One of the most effective ways to keep cats away from certain areas is to focus on physically blocking their access. This is especially important for yards, gardens, sandboxes, and any other outdoor spaces you want to protect. According to How To Keep Your Cat From Going Under the Bed, blocking access helps prevent unwanted digging, urination, and defecation from neighborhood cats.

There are several DIY options for blocking a cat’s path such as securing chicken wire or lattice along the base of a fence. You can also place large rocks, wooden boards, or thorny branches in trouble spots. For doorways or crawl spaces, try wedging in a piece of cardboard or Plexiglass cut to size. Motion-activated sprinklers, blowing air, or noise deterrents can also help startle cats away.

The key is making it difficult and inconvenient for a cat to cross into the area you want to protect. Be persistent and creative with barricades since curious cats will look for any possible entrance. Checking for gaps or damaged areas regularly is also important to maintain an effective blockade.

Avoid Harming Cats

While wanting to keep cats away is understandable, it’s important to avoid methods that are inhumane, unethical, or illegal. Methods that harm cats, either physically or psychologically, should be avoided. For example, some deterrents that can physically harm cats include sticky substances like glue boards or greased rakes that trap cats, sharp objects that may cut paws, and poison.

Using methods that inflict pain or distress on cats should also be avoided, even if they don’t physically injure them. This includes methods like electronic shock devices, ultrasound devices that emitfrequencies cats find uncomfortable, loud alarms, or spraying the cat in the face with water. These methods can be considered inhumane and even abusive treatment.

Aside from ethics, intentionally inflicting harm or abuse on cats can cross legal lines and be considered animal cruelty in many places. For instance, poison aimed at harming or killing cats is illegal. Before employing any deterrent method, research its potential effects on cats to avoid methods that could cause harm.

The most ethical approach is to use humane deterrents that make areas unpleasant or uncomfortable for cats to be in, but don’t actually inflict pain or injury. There are many effective options that encourage cats to avoid an area without abusing them.

Preventing Future Visits

The most effective way to keep cats from returning is to make deterrents part of your regular landscape maintenance. Just like you routinely trim bushes or mow the lawn, check for signs of cats and refresh deterrents regularly. Cats are creatures of habit, so if an area has been a favorite spot, they will likely try to return. Stay vigilant and reapply deterrent sprays every 2-4 weeks, especially after rain or snow. Replace plastic carpet runners or shake up pellets if they look undisturbed. Check for flattened areas or paths where cats enter your yard and focus extra attention on deterring those access points. A little time invested routinely will go a long way in preventing future unwanted cat visits.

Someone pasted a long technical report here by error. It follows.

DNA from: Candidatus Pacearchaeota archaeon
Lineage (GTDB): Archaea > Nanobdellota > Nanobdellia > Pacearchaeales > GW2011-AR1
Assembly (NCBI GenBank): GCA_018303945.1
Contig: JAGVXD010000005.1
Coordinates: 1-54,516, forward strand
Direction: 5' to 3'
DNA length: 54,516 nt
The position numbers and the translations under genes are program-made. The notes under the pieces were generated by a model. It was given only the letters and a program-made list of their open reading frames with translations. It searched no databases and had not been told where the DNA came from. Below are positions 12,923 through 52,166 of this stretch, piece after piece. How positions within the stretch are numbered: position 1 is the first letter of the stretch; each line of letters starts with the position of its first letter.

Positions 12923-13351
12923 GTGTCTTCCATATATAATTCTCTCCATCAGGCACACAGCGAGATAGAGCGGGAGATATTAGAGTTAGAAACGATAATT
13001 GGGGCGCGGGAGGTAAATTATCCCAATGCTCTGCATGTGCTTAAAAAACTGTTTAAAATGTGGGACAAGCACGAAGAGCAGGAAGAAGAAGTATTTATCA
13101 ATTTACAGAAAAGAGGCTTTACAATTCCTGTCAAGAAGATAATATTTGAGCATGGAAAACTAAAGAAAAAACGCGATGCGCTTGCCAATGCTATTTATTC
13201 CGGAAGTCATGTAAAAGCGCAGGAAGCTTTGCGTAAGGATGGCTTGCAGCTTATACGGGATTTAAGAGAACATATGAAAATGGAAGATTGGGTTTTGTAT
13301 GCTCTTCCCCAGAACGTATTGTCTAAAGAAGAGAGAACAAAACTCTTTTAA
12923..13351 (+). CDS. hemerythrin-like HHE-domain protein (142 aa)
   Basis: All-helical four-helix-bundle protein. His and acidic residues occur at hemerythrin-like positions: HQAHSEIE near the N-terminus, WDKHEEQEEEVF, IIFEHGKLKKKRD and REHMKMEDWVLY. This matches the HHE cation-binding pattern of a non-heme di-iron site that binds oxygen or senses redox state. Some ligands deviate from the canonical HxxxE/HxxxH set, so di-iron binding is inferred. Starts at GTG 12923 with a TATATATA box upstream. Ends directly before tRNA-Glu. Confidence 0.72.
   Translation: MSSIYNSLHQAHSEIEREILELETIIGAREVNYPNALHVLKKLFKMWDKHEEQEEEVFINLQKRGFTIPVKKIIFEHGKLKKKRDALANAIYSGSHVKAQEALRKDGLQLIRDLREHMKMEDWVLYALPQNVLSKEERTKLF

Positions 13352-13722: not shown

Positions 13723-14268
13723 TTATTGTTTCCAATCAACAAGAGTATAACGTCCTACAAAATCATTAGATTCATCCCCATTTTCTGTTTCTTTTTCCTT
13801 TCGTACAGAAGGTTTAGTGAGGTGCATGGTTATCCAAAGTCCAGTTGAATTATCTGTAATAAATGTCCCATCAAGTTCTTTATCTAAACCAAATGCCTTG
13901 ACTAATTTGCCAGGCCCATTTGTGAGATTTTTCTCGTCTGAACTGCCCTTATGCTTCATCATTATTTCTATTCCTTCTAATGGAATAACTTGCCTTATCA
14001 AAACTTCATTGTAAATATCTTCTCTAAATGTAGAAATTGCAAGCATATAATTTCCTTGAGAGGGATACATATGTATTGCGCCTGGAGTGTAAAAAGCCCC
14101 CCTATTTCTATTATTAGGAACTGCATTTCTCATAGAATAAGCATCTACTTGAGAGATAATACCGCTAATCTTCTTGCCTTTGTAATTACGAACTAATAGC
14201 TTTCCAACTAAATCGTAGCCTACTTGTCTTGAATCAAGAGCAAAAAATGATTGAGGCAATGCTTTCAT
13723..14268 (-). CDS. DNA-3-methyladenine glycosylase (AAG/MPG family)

When to Call for Help

While trying to deter cats from your property, there may come a point when you’ve exhausted all humane DIY methods and the cats persist. If a group of cats refuses to stop coming onto your property even after trying numerous deterrents, it may be time to call in experts.

Specifically, you can contact your local animal control department or humane society for assistance. Animal control can humanely trap stray and feral cats on your property and remove them. Often these cats will get checked for a microchip and may be adoptable. For cats without identification, animal control may work with local rescue groups to find barn homes for feral cats where they can live peacefully.

Calling animal control should be a last resort after trying various deterrents. Trapping the cats and removing them is extremely stressful for the animals. But if you’ve made reasonable efforts to deter them humanely and the cats continue to be a nuisance, animal control can help while still treating the cats humanely.(1)

The experts at animal control know how to handle cat overpopulation humanely and effectively. Don’t try trapping cats yourself, as you may injure them or contribute to the problem. Calling animal control allows the professionals to manage the situation in the most humane, ethical way.

Being a Responsible Neighbor

When trying to deter cats, it’s important to be mindful of your neighbors’ pets. Here are some tips for keeping cats away while still being respectful:

  • Avoid using harmful chemicals or traps that could injure any animal. Stick to humane deterrents like citrus smells, mulch, or motion-activated sprinklers.
  • If using a motion-activated sprinkler, aim it to only spray your own property. Don’t soak your neighbor’s yard.
  • Place deterrents only around the perimeter of your yard or garden. Don’t infringe on shared spaces.
  • Talk to your neighbors first and explain your concerns. They may have ideas or be willing to keep their cats indoors.
  • Make sure any deterrents don’t disturb neighbors with sound or light. Place them discreetly.
  • If your neighbor has an outdoor cat colony, work together on humane deterrents so the whole area stays cat-free.
  • Follow local ordinances regarding cat management and don’t take drastic measures like trapping cats.

Being courteous and staying within your own property boundaries will keep the peace with neighbors. With some creativity, you can find effective deterrents that make both yards cat-free zones.